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Re: The HTTP Origin Header (draft-abarth-origin)

From: Mark Nottingham <mnot@mnot.net>
Date: Sun, 25 Jan 2009 15:30:47 +1100
Cc: "Roy T. Fielding" <fielding@gbiv.com>, Larry Masinter <LMM@acm.org>, ietf-http-wg@w3.org, Lisa Dusseault <ldusseault@commerce.net>
Message-Id: <3CE8CD75-52A9-4942-94CF-404CD46CDD8C@mnot.net>
To: Adam Barth <w3c@adambarth.com>

On 23/01/2009, at 12:45 PM, Adam Barth wrote:
>> I don't think this argument is valid. The number of proxies that do  
>> this is
>> very small.
> In fact, this occurs for about 3% of users, which is a significant  
> number.

I'd like to dig into that. You believe that most of the suppression of  
the Referer header is done in proxies, due to the differences seen in  
HTTP and HTTPS. However, there are also considerable differences  
between the block rates for same-domain vs. cross-domain requests; are  
you implying that these proxies are parsing the Referer and only  
blocking those that are cross-domain? If so, this seems an odd  
rationale; a person or company blocking referers for purpose of  
privacy would presumably be doing so for all values, not just cross- 
domain referers. Likewise, someone doing it to hide intranet URLs  
would be more likely to only hide those, rather than to stop cross- 
domain referers.

Additionally, discriminating requests as cross-domain is more  
expensive to implement in an intermediary, and these implementers are  
famously sensitive to performance issues. All of the products that I'm  
aware of would easily allow wholesale blocking of a header, but would  
require a relatively expensive (and thereby less likely) callout  
(e.g., with ICAP) to selectively block them based upon request state.

On the other hand, I do notice that Firefox has the ability to  
selectively configure how Referer headers are blocked, both in terms  
of same-site vs. cross-site and HTTP vs. HTTPS;
Couldn't that account for at least a portion of the discrepancies you  

BTW, did you look for vanilla wafers <http://www.junkbusters.com/ijbfaq.html#wafers 
 > to see how much of this stripping could be attributed to JunkBuster?

Also, did you find any rationale for the difference between rates seen  
on network A vs. network B? It's a pretty wide range...

The numbers that I found especially interesting were for stripping of  
same-site XmlHttpRequest-generated Referer headers, which came in at  
(eyeballing Figure 3) about 0.6% on HTTP and 0.2% on HTTPS  
(discounting the Firefox 1.x bug, which isn't relevant to this  
discussion, since we're talking about updated browsers as a pre- 
condition). Aren't these numbers closer to what one would expect? In  
particular, they're much closer to the numbers for "custom" headers  
that you measure, which means we are looking at implementations that  
white-list as a significant factor (as well as statistical error, of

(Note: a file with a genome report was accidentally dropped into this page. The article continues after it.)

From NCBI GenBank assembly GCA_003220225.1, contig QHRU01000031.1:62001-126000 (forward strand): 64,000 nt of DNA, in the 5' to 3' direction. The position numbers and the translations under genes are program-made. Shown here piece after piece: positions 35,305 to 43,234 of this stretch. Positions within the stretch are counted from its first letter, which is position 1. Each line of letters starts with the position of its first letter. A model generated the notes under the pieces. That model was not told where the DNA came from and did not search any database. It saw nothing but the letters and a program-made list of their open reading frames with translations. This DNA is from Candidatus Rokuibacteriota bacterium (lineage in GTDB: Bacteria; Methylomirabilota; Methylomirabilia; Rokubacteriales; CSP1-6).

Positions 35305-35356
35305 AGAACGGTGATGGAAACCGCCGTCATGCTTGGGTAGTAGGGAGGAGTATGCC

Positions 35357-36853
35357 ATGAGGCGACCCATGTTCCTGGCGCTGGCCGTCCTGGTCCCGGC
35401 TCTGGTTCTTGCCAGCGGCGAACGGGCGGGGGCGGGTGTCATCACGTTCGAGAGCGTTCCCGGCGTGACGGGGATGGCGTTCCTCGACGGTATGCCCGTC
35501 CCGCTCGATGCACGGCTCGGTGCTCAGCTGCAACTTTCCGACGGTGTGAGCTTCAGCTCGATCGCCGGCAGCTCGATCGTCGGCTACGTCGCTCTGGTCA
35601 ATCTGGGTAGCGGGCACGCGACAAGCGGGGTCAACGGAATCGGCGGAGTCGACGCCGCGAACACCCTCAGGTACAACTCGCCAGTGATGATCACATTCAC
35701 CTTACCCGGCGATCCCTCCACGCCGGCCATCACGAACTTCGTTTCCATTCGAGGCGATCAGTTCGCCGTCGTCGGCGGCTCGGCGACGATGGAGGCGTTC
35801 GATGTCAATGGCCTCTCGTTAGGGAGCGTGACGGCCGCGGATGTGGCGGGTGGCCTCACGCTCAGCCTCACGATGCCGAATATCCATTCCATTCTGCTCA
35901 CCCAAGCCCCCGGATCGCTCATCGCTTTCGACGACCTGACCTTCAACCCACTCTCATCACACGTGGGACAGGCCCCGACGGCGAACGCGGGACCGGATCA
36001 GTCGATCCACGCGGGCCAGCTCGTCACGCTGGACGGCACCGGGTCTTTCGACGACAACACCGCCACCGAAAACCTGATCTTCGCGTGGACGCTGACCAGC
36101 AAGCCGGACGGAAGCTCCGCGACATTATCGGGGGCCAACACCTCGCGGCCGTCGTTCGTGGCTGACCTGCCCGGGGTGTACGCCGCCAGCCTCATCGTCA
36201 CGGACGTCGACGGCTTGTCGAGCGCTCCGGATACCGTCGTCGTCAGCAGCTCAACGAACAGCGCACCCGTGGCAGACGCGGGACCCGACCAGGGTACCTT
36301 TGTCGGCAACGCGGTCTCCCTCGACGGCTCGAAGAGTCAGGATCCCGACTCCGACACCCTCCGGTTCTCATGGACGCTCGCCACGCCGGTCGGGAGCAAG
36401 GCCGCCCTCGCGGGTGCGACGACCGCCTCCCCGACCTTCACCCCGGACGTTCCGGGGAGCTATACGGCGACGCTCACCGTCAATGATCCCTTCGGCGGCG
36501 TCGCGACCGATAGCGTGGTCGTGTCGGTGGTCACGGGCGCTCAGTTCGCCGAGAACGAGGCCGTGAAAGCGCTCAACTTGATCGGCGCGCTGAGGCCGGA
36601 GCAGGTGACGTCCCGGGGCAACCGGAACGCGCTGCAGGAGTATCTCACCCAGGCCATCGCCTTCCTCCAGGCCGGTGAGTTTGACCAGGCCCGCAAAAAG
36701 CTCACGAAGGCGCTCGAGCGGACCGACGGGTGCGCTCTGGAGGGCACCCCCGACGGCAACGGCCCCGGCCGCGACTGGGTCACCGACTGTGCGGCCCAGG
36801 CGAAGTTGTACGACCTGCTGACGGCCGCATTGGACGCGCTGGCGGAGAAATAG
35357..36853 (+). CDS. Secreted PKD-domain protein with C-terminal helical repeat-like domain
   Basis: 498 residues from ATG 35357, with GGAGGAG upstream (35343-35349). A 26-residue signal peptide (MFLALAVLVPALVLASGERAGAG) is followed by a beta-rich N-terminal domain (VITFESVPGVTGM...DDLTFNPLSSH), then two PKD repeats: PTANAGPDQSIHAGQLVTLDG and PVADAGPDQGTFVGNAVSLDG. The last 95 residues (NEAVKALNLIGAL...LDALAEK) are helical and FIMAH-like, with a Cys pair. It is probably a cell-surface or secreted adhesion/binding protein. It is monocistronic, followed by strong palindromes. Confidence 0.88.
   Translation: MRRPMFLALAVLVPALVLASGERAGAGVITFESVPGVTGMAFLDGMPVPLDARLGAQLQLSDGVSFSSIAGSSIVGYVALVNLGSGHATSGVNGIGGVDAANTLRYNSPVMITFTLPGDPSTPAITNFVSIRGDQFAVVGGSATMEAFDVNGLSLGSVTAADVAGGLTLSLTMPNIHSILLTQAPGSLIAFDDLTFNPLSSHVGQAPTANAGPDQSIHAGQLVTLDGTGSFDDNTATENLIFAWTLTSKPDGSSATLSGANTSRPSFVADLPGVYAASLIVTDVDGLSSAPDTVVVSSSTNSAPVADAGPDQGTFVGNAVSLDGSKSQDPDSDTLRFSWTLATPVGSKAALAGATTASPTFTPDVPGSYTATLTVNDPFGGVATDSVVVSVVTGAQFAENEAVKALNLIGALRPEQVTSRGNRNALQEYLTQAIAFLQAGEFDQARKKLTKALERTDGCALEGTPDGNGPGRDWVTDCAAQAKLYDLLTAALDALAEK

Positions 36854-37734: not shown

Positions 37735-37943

Lastly -- Figure 3 says that its unit is requests; wouldn't IP  
addresses be a more useful number here? Or, better yet, unique clients  
(tracked with a cookie)? Otherwise it seems that the results could be  
skewed by, for example, a single very active proxy. Likewise, did you  
record the geographical distribution of clients? It would be nice to  
have assurances that this sample represents a global audience, and not  
just a selective (read: US) one.

>> Those that exist will come under pressure to change their
>> behaviour when their users notice that Web applications that rely  
>> upon this
>> feature break behind those proxies.
> Unfortunately, these proxies prevent Web sites from relying on the
> Referer header, and so the operators of these proxies never come under
> pressure to stop suppressing the header.

Certainly they do. If Cool New Cross-Site Web Apps are broken, and  
they explain to the user why it is broken, both ISPs and companies  
will come under pressure.

>> In other words, just as the authors are satisfied having a staged  
>> deployment
>> where some browsers on the Web support cross-site requests using  
>> their
>> mechanism, while some still do not, I see no reason why it isn't  
>> just as
>> acceptable to accept that some proxies will support it, and some  
>> will not;
>> over time, more will.
> The difference is that there is a deployment plan self-interested
> agents to bring about the usefulness of the Origin header for CSRF
> defense, but there is no such plan for the Referer header.
> Origin header deployment plan:
> 1) Each user agent implements the Origin header and advertise that
> they support more secure than those that do not implement the header.
> 2) Sites add rules to their Web application firewall rules to protect
> those of their users that use a supporting browser.
> 3) Users choose supporting user agents because they are more secure.
> 4) Supporting user agents come to dominate the market.

IMO 99% of the driving factor for deployment here is going to be new  
features -- supporting cross-site XmlHttpRequest with authentication,  

>> unless the server decides to
>> also allow requests that omit the Origin header altogether.
> In fact, the ID requires participating sites to do this.
>> If they do that,
>> however, it seems like a non-programmatic, non-Origin-creating  
>> browser would
>> leave a hole...
> Can you explain this hole?

Well, we'd be in the same situation as today; a current (non-Origin)  
browser would be able to make cross-site requests (using IMG,  
form.submit, etc.).


Mark Nottingham     http://www.mnot.net/
Received on Sunday, 25 January 2009 04:31:40 UTC

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